Question 32 of 365: What are the assumptions we make in signing up?

It has almost become a default position that we will be signing up for a new web application or interesting looking web service nearly every week . While, it may have been more often during the Web 2.0 heyday of 2008, it has settled into a steady stream of new project management tools, screencasting software, and promising projects that we are sent by email, twitter and facebook. What I would like to explore is what the assumptions are, every time we decide to give in to the pressure to “sign up now.”

The first assumption I make is that I will have to give up some piece of personal information. I will either have to divulge my e-mail address, my Google username (for open ID), or my real name. While I could obscure all of these things so that they have very little to do with me, there really isn’t much reason to do so, especially if I am trying to create a web presence of any kind. I assume that this information will not be used against me (shared with third parties, sold, spammed, etc.) I assume that this information will get me closer to the intended benefit that the service is claiming to provide.

I happen to believe in having a single identity across all web services, but at this moment, it really isn’t an assumption that I will be able to take my information from one place to another. It would be great if that were the case, but I really don’t think that data portability is high on the priority list for many companies.

Another assumption I do make is that any new web service will have some kind of “share” button. What I mean is that any new service that I sign up for must have the ability to share what is going on in there with my social networks. While this isn’t really a type of data portability, it is a head nod in that direction. I assume this much because of the following statement: “If you want your product in the main stream, you had better let me put your product into MY stream.” These kinds of things matter because we do not need another Twitter, LinkedIn or Facebook. Services may have niches, but any serious contender should have a way of working with those big three.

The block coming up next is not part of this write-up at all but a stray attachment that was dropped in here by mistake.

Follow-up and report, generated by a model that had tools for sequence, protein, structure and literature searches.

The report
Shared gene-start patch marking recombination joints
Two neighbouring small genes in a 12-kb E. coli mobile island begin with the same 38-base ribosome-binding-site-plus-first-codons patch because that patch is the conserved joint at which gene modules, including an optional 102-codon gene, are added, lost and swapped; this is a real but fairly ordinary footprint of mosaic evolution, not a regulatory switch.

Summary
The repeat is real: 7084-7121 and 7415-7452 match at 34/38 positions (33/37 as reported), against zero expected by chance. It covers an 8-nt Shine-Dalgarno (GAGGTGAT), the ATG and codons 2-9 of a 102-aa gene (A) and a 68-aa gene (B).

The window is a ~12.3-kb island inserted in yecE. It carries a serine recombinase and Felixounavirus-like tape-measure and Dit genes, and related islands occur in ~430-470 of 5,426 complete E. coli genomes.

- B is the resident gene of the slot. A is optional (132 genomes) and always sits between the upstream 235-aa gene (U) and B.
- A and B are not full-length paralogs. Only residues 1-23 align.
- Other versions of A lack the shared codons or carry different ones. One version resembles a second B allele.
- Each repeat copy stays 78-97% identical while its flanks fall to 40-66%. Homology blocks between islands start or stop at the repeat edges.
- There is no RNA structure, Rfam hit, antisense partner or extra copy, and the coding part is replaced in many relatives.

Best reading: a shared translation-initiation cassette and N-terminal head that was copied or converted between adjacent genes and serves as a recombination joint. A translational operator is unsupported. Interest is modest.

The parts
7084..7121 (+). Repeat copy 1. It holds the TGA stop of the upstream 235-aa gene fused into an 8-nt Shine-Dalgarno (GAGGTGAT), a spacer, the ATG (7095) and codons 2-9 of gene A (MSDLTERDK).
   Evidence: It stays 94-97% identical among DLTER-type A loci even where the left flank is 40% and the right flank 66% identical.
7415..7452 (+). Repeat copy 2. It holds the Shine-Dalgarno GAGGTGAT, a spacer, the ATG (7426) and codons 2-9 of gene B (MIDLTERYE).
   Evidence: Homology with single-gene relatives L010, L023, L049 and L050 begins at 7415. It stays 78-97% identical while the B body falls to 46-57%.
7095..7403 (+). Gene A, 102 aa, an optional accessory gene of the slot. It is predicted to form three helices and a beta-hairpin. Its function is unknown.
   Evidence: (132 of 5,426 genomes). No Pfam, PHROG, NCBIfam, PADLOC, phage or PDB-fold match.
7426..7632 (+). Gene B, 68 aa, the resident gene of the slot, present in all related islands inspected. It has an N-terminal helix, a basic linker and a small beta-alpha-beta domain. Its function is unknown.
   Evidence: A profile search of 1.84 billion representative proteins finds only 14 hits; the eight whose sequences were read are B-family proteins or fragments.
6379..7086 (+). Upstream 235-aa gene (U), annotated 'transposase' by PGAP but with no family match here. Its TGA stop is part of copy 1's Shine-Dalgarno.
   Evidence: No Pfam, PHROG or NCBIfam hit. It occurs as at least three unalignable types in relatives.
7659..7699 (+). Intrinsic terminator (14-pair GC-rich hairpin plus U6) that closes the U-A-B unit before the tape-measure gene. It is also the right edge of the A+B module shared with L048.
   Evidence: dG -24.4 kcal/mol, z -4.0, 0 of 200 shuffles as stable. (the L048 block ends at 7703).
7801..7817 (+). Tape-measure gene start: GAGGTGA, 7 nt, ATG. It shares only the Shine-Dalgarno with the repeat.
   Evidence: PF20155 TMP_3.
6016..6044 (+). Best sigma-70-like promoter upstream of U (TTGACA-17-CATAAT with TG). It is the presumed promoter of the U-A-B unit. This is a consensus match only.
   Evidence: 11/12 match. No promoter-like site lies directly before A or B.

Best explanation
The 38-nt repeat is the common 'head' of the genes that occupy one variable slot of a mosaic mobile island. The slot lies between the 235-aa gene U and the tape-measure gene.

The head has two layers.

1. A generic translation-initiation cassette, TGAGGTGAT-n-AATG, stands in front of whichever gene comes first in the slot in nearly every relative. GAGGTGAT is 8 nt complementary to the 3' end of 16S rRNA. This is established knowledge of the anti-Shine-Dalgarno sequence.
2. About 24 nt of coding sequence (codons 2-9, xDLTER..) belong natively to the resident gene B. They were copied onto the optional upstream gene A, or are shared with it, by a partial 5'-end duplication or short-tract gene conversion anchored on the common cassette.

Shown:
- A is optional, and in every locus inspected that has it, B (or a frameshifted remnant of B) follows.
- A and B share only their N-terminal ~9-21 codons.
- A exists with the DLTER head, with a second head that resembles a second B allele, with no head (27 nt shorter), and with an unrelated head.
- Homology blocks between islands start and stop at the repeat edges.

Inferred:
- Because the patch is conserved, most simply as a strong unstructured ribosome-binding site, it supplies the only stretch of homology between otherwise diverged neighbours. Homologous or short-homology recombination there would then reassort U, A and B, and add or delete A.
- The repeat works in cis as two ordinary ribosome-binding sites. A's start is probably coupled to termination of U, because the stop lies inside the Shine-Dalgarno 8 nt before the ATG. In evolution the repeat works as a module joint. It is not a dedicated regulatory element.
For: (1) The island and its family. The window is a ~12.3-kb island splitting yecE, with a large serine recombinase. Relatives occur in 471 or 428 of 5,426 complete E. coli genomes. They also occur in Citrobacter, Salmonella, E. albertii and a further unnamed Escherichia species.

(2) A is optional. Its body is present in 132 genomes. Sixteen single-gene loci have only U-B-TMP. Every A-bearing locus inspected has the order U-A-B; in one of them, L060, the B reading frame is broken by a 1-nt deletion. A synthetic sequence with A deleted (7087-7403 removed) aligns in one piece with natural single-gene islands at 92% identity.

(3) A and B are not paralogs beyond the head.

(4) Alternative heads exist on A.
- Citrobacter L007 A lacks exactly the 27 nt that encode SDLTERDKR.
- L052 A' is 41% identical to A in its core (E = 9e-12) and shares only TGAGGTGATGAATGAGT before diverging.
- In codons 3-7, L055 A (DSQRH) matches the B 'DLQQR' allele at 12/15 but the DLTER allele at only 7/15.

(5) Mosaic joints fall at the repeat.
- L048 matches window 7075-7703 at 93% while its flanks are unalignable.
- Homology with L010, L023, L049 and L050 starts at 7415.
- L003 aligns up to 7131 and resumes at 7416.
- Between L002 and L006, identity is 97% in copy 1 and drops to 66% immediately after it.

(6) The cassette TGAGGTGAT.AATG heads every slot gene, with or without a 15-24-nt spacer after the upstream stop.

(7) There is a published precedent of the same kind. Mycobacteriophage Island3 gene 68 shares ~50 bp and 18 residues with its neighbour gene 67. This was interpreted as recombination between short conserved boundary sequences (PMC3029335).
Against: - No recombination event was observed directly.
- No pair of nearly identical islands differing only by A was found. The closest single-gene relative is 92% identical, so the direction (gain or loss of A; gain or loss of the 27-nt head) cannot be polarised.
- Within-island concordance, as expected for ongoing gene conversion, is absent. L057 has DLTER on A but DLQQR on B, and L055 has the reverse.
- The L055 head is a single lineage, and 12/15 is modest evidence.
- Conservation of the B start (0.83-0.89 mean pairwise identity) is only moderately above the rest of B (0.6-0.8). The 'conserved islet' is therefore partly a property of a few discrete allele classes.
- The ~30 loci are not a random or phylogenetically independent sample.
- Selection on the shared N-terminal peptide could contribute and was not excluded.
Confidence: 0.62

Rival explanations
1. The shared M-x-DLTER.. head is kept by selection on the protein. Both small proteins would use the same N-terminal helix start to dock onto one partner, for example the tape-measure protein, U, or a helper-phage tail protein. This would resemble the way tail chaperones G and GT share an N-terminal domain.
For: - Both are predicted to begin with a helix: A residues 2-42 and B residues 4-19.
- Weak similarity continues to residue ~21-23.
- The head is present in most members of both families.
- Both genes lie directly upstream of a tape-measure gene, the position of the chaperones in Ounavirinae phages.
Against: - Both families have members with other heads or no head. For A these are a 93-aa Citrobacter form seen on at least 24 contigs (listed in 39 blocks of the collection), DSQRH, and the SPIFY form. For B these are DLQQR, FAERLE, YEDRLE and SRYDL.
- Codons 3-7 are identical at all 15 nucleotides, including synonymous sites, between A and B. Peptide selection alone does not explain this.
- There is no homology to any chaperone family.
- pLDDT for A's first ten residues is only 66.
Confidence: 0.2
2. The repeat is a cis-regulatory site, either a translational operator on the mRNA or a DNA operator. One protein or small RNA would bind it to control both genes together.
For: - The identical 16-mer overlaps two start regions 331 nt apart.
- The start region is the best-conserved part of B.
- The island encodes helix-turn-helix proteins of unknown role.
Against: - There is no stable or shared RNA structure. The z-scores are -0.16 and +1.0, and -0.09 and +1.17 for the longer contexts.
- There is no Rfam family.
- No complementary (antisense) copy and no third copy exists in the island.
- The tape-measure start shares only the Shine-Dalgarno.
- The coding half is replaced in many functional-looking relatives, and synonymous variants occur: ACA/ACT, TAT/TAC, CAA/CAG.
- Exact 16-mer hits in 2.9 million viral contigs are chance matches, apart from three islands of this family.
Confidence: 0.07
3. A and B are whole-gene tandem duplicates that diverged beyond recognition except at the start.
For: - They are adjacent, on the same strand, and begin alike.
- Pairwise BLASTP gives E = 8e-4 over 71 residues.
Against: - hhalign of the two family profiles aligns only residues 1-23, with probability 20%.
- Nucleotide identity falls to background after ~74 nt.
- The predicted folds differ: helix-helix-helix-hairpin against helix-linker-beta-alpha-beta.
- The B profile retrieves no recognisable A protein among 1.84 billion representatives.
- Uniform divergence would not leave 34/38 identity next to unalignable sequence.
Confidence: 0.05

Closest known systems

My last assumption for anything that I sign up for is that media or mobile will be involved. I honestly cannot think of a single service that I have signed up for in the last year that hasn’t been a part of sharing media or talking to mobile devices in one way or another. If one of those two requirements are not satisfied, I I can pretty much guarantee that my e-mail address will never make it to the Sign Up page. Visual and mobile representation are so important to the ways in which that I function, that they have become assumptions for what I am willing to put effort into.

So, why do these assumptions matter? Well, if I am assuming these things, I am setting myself up for a stagnation. Because no one has surprised me with an original take on these three assumptions as to challenge them at their core, I am free to keep blogging and tweeting away, oblivious. The fact that these assumptions exist for me is both good and bad. It means that we are starting to depend upon the online services to be mostly uniform, but it also means that I may miss something revolutionary because it doesn’t fit these assumptions.

At the end of the day, perhaps the old truism about assumptions still holds for the Web 2.0 world.

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